- Be confident with the remuneration strategy
Has the remuneration committee reviewed the remuneration framework recently? Does it still fit the strategy for the company and changing community and proxy advisor expectations? What is the market doing? If the company is not following what is considered “best practice”, is this appropriate? Finding the answers to these questions may require the engagement of an advisor.
- Carefully consider whether incentive payments and pay increases are appropriate.
After following the documented process for determining short term incentive and long term incentive awards and vesting amounts, consider whether the outcomes match the value delivered to shareholders and perceptions of performance.
If there is a mismatch, consider using discretion. Where discretion is exercised, transparency of the rationale is paramount. Where underlying earnings have been used to calculate incentive outcomes, ensure that exclusions are fully disclosed, as well as the reasons behind those exclusions.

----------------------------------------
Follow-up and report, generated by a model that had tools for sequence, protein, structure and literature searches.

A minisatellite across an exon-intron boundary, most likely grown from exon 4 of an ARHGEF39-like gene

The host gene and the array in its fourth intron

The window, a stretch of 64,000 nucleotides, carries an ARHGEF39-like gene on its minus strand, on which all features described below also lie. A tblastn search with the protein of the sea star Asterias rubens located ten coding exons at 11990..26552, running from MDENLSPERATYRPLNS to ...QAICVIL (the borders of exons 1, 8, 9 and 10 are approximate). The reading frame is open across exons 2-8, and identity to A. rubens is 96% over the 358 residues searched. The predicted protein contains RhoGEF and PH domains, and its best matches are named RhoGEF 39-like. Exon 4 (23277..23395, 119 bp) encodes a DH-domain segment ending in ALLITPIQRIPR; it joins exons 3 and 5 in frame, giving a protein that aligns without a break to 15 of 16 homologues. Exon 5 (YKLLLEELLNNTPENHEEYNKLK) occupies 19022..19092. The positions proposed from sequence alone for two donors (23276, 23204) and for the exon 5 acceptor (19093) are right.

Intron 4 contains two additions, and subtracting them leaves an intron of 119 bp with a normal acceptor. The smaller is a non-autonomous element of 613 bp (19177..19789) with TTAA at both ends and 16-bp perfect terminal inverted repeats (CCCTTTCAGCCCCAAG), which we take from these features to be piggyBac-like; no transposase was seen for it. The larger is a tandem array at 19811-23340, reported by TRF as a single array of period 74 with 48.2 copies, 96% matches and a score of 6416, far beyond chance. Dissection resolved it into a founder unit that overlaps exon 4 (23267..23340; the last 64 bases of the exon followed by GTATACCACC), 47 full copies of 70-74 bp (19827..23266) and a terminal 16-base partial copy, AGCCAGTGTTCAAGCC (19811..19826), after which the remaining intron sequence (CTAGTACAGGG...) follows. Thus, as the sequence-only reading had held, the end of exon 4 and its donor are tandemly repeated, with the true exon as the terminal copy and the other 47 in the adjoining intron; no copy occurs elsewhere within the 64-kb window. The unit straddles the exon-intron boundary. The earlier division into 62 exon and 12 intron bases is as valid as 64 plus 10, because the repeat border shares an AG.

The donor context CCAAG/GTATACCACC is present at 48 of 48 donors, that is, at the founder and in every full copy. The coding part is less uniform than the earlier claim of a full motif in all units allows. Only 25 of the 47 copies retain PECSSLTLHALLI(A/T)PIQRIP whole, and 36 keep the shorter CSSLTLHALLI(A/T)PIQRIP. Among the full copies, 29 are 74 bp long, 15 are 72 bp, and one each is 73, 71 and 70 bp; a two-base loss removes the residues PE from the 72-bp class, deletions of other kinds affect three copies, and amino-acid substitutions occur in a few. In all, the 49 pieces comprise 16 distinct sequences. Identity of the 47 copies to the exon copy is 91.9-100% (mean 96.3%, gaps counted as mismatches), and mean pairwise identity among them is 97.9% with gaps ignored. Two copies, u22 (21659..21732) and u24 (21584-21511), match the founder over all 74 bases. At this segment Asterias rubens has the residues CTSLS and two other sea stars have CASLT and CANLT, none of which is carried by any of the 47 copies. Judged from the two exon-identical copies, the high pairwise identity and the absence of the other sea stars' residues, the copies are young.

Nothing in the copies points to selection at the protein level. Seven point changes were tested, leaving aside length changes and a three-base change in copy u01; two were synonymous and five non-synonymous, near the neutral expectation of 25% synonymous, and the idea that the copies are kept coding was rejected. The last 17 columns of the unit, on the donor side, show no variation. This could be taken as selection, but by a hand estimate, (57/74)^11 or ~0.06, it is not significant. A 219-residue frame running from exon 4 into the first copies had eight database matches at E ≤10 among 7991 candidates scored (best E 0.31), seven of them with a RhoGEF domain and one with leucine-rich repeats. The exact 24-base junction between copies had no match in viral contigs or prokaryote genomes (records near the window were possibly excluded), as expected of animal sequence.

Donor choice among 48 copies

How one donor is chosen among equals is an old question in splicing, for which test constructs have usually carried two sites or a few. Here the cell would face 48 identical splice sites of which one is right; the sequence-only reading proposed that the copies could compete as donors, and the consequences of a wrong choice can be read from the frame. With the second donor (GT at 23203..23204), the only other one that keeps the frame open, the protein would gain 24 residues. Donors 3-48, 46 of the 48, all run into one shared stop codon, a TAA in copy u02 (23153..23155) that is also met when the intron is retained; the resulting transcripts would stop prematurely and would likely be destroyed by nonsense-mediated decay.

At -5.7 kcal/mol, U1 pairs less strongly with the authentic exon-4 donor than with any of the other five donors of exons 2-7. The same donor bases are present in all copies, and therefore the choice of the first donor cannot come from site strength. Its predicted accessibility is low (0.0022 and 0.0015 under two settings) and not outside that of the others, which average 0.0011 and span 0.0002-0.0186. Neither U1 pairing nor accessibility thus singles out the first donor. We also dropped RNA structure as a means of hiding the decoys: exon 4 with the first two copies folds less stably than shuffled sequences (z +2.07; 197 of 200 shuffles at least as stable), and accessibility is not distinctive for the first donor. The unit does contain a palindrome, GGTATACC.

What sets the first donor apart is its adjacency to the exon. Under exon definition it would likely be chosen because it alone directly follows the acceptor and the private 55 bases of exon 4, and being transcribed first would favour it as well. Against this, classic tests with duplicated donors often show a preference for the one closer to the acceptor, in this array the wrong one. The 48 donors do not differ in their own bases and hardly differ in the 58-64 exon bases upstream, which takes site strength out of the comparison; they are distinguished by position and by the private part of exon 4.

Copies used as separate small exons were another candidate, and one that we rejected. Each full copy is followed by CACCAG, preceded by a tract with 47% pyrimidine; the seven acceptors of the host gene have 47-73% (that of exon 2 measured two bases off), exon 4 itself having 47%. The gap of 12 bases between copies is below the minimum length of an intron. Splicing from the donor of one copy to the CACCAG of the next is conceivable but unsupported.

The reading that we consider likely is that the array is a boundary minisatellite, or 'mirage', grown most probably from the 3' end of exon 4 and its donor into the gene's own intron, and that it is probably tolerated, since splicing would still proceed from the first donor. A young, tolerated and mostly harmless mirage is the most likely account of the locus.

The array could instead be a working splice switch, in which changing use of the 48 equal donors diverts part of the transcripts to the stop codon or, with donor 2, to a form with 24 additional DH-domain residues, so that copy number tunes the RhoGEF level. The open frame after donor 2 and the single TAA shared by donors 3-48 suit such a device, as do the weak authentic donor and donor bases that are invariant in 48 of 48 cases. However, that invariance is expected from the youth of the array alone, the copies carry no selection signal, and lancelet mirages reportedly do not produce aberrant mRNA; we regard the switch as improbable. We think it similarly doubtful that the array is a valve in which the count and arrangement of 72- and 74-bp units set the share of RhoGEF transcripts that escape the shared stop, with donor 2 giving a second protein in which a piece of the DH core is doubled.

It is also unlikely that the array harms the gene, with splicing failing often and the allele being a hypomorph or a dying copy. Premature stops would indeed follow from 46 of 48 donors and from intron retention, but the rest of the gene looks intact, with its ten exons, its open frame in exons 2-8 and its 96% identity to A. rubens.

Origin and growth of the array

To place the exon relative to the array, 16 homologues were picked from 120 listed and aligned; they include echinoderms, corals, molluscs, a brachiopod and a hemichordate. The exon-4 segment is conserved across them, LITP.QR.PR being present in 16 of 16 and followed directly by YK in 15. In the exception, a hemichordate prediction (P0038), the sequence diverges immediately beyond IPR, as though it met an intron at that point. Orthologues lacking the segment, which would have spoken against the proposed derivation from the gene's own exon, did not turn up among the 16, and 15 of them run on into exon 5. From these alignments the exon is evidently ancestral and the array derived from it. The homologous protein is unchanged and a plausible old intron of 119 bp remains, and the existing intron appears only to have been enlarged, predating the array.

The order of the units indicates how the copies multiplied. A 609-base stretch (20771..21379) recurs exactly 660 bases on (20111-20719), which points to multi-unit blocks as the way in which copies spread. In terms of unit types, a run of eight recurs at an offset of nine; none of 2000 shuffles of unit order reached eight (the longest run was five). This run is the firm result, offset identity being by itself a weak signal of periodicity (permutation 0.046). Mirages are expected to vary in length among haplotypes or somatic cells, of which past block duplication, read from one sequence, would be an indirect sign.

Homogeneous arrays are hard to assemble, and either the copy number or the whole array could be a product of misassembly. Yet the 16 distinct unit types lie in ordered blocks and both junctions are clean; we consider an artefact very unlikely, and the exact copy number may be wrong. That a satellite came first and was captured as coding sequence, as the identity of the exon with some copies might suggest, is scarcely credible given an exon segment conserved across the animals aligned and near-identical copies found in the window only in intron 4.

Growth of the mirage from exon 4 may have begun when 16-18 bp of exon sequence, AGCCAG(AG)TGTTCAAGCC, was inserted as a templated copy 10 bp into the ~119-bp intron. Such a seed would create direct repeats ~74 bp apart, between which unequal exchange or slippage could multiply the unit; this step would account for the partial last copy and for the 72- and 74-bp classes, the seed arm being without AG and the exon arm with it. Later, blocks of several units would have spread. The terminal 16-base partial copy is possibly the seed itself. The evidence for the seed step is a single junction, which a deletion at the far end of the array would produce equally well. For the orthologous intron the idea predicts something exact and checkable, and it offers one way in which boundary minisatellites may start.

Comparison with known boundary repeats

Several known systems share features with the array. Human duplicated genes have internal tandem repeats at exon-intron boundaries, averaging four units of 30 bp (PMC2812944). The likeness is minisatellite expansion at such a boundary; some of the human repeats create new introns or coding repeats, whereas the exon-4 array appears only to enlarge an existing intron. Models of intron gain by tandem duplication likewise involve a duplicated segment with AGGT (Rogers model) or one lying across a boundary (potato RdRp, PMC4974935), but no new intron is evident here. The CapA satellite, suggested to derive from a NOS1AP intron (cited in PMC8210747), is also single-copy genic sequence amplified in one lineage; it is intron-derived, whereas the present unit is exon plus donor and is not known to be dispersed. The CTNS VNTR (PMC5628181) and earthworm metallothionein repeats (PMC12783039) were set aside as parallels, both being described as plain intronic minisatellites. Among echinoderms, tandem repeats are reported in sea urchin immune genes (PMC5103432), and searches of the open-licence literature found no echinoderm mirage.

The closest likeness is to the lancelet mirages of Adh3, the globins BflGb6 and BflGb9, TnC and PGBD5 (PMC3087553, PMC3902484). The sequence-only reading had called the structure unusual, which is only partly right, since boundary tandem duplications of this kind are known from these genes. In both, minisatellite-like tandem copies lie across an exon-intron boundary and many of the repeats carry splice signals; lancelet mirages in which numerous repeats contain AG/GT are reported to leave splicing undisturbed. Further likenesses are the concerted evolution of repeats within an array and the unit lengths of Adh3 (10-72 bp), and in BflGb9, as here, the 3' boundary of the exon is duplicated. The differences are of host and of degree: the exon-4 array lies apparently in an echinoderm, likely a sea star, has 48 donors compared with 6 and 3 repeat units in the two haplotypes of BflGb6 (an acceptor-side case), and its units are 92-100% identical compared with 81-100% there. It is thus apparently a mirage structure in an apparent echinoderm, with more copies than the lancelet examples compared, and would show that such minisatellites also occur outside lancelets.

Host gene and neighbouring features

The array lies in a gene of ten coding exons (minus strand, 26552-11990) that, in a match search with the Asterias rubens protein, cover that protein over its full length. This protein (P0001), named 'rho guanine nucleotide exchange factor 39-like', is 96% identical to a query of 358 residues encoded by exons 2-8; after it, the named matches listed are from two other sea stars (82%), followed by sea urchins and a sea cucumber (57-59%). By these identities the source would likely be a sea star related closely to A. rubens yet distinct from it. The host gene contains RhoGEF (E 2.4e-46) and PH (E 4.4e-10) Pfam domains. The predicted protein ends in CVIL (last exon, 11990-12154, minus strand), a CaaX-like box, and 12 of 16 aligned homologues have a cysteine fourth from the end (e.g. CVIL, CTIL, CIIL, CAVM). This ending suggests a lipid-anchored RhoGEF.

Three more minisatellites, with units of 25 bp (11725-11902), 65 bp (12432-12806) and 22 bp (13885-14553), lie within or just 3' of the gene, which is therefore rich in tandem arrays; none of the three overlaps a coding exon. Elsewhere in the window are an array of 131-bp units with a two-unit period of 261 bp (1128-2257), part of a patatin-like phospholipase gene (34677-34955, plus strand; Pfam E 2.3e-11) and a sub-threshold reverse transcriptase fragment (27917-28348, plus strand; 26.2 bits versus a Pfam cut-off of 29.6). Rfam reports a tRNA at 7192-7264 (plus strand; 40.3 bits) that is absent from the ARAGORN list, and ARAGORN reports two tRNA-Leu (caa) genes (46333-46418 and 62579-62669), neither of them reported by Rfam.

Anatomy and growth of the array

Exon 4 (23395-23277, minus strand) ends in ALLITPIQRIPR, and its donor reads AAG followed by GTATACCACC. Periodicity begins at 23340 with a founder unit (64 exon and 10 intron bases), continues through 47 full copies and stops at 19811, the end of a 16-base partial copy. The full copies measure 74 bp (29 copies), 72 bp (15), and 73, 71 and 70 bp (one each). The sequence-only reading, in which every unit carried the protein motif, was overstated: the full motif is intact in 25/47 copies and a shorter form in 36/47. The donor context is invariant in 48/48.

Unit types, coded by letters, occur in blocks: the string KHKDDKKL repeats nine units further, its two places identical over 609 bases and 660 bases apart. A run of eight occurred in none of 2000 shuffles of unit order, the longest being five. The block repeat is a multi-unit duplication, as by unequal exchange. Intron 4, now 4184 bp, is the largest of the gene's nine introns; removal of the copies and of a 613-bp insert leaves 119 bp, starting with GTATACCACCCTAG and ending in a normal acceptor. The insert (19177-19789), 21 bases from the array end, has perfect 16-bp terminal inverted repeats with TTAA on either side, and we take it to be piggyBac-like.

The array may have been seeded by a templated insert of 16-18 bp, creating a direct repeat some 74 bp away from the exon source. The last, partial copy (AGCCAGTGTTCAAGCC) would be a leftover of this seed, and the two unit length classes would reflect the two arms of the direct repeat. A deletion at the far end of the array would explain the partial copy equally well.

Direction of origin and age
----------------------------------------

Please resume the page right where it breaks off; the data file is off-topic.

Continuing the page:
For increases in fixed pay, ensure increases are relative to the growth rate of wages in the community, unless there is a particular reason that the team, or an individual, should receive a higher rate. This reason must be disclosed. Benchmarking methods should be scrutinised to ensure they are robust, especially when hiring new talent at a premium.
- Know your register
Who are the major shareholders on the register? Do they make their own decisions regarding remuneration report votes, or do they default to a proxy advisor? If they are an investment fund, does the investment manager vote, or is the vote taken by an overarching group?
Once it is clear who will be passing judgement on the remuneration report, examine any voting guidelines provided by these entities.
It’s important to talk to important voting blocks routinely to discover concerns they might have with the company’s remuneration framework and outcomes. Where the remuneration committee makes a major change, or makes a decision that is likely to be controversial, proactive engagement is likely to be more effective than engagement after the remuneration report has already been published.
Even when the remuneration committee has designed the most appropriate incentive structure possible for their executive team, if they don’t explain it clearly in the remuneration report, misunderstandings can lead to adverse votes.
Long reports do not necessarily translate to good reports, but it’s critical not to leave out important information, especially when it comes to showing the link between pay and performance. Where anomalous or high payouts do occur, extra explanation is required.